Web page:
So would it be fair to say that you’re starting with some of the most basic or atomic things, such as a simple line or a gradient from dark to white, and you’re building up almost like legos, an object out of these very primitive detections, up into something that’s more comprehensive, leading to your object?
That’s exactly right. So the earlier layers of your networks are detecting those simpler features, like you described, and then as you add more layers - remember, the output of the earlier layers become input to the next layers. So the next layers are operating on those features that were detected, so it’s trying to build patterns from features. The earlier feature detection is looking at straight lines and curve lines and things like that, and then it’s looking for maybe curves that are like an eye, and then you’re looking for “Oh, two eyes together - maybe that’s part of a face”, and then you add more features that have the whole head. So you’re building, as you said, Chris, you’re building from the finer representation of the features, to more complex.
This all sounds great. It sounds like you’ve got your network, it’s got this portion that’s detecting all of these features and determining, let’s say, if you have a cat in your image, and then you’ve got this portion tacked on that might be detecting bounding boxes of where that cat is located within the image. What prompts someone to go further than that, so to go beyond CNN? Kind of going back to where we started this conversation, why the Mask R part? What challenges are still present, even if we’re using this CNN-based network?
Yeah, great question. The example we used last night at the meetup, from the Udacity Robotics Nanodegree program - one of the assignments is to take a robot that has two arms, and in front of it is a desk with various objects, things like a bar of soap, I believe it was an eraser, a tube of toothpaste etc… And you have to perceive what’s on the desk, and then you have to manipulate the robot arms to grab the item, and then put it into a basket to the side.
If you think about grabbing that tube of toothpaste - well, if it’s perfectly aligned with the table, then you just kind of reach forward and you grab it; but if it happens to be turned at a 45 degree angle, you also have to adjust the arm to match that rotation, and then you can grab it.
[00:20:03.14] So if you think about a bounding box, the bounding box just says “Hey, somewhere in this box is this tube of toothpaste”, but you don’t know which way it’s pointing, or how it’s oriented. The Mask, since it fills in the pixels for you of where the object is, you can look at it and say “Oh, it’s not straight up and down. It’s actually at a 45, so I need to turn my arm.”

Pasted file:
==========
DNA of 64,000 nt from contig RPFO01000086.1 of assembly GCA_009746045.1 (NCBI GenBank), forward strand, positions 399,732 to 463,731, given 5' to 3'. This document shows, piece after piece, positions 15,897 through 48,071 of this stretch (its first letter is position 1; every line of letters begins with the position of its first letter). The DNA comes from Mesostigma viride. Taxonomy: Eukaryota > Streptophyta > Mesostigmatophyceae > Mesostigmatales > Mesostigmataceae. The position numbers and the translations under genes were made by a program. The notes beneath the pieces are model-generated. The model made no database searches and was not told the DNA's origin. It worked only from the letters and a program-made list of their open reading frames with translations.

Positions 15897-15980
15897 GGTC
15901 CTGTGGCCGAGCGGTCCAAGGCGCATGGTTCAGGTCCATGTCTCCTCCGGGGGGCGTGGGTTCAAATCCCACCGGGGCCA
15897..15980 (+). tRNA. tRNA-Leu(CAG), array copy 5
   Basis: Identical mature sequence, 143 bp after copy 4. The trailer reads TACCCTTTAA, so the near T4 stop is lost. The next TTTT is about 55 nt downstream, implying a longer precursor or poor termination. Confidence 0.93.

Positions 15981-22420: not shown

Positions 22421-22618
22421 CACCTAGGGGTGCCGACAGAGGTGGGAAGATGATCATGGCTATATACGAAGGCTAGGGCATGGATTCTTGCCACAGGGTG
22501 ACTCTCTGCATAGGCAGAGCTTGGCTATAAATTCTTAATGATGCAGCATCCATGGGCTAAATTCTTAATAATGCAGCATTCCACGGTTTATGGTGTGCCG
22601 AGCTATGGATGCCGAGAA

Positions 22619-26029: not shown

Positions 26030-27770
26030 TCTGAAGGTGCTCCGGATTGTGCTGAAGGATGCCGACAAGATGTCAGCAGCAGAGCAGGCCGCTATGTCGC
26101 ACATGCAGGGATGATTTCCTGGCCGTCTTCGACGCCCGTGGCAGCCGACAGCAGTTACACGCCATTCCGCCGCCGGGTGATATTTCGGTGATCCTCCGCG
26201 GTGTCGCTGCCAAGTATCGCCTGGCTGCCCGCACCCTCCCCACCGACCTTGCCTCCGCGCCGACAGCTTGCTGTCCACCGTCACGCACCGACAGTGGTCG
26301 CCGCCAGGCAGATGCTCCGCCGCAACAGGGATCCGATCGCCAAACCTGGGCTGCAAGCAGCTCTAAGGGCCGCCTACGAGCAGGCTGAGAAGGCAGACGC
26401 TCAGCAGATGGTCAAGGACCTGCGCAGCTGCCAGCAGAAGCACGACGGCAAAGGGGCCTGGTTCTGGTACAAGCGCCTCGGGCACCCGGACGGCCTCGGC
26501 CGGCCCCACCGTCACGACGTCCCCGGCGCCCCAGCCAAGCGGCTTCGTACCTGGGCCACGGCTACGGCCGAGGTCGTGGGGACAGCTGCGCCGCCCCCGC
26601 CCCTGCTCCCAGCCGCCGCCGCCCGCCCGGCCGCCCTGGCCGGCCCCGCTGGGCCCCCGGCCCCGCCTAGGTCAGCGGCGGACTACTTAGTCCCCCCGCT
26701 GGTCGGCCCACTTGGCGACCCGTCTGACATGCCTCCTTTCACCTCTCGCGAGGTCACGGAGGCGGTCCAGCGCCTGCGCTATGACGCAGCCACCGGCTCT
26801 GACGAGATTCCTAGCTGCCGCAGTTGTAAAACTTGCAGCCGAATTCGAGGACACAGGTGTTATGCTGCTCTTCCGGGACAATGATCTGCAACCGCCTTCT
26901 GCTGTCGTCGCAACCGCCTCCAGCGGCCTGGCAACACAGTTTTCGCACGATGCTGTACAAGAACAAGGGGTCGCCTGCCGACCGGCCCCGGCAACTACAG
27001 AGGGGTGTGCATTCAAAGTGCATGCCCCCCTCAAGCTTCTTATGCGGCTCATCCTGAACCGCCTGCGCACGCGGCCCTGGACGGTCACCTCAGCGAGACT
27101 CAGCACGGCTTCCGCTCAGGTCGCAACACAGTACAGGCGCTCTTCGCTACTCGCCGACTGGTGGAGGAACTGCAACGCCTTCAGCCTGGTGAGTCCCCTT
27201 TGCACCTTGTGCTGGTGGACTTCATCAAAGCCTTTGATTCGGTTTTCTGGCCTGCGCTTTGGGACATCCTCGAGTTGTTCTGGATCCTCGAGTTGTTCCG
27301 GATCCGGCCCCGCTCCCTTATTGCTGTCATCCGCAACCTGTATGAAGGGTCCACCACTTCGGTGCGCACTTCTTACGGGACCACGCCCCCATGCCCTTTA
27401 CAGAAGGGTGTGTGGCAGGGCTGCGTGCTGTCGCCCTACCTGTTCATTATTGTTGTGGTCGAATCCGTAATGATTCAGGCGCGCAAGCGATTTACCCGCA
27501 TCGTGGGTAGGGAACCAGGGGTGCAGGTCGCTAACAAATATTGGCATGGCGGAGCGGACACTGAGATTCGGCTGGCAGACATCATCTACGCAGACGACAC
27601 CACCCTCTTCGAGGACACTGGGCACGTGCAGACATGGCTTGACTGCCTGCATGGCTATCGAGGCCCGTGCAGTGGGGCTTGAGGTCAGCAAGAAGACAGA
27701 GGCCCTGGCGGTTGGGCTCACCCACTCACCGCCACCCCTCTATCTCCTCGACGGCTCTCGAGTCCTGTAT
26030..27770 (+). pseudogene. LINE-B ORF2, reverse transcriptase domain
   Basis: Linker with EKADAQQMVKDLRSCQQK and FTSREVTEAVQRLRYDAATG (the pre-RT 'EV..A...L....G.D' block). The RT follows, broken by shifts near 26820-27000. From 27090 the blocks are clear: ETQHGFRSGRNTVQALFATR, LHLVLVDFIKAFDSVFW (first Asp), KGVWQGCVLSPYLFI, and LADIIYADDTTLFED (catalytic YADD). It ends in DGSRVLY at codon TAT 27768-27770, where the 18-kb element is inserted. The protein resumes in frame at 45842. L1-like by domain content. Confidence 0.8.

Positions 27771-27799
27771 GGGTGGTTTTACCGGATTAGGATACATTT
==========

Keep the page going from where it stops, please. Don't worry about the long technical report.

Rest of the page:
Okay, so I’d like to ask a question before we dive fully into Mask R-CNN, about what the options are within the different CNN architectures that might be available for robotic perception, such as YOLO or others, and at a very high level, if you could just give us a sentence or two on what different options there are, and then why you might have chosen to go Mask R-CNN for a given solution that you’re looking for.
Okay, so something like a YOLO, which is a great algorithm - it only gives you the bounding boxes. A lot of times though, that’s all you need. I’m trying to think of some good examples… So like if you’re doing maybe a self-driving car, if you’re able to detect in front of you is a pedestrian, or another vehicle, and you have a bounding box around it - that’s probably close enough for being able to make a decision as to what you should do. If this thing is clearly in front of you, it doesn’t really matter exactly where the mask outline of that object is; you’re able to detect that there’s something in front of me and I should perhaps slow down or stop.
Mask R-CNN, because it gives you the masks, it’s really good for when that orientation matters. The example we just gave, about a robot arm having to pick objects off of a table is a good example.
So in terms of some of the challenges with moving beyond this bounding box sort of idea, and moving more towards the mask idea, it occurs to me that it’s already a somewhat challenging problem to get good labeled training data for just like the bounding boxes and labels of objects within images. It seems like that would be even more challenging if you’re wanting to label the proper masks within an image for particular objects, where you’re getting even more detail, not just where the objects are, within what region, but what the actual mask of the object is… Is that a problem? Have there been techniques developed to deal with that?
[00:24:15.12] Yeah, it’s a huge problem. If you think about the simpler example of classifying an object, so “Is this a cat, a dog, a person?” If you were doing training on those images, you could do something simple like create a directory for each type of object. For instance, you have a directory called Dog, and that directory name becomes the object name, the class name, and you put all of your pictures of dogs into that directory, and you train. That’s your labeling. But to do something like detecting the bright location of the bounding box, you would have to take those images and draw the bounding box around the individual objects, and then train.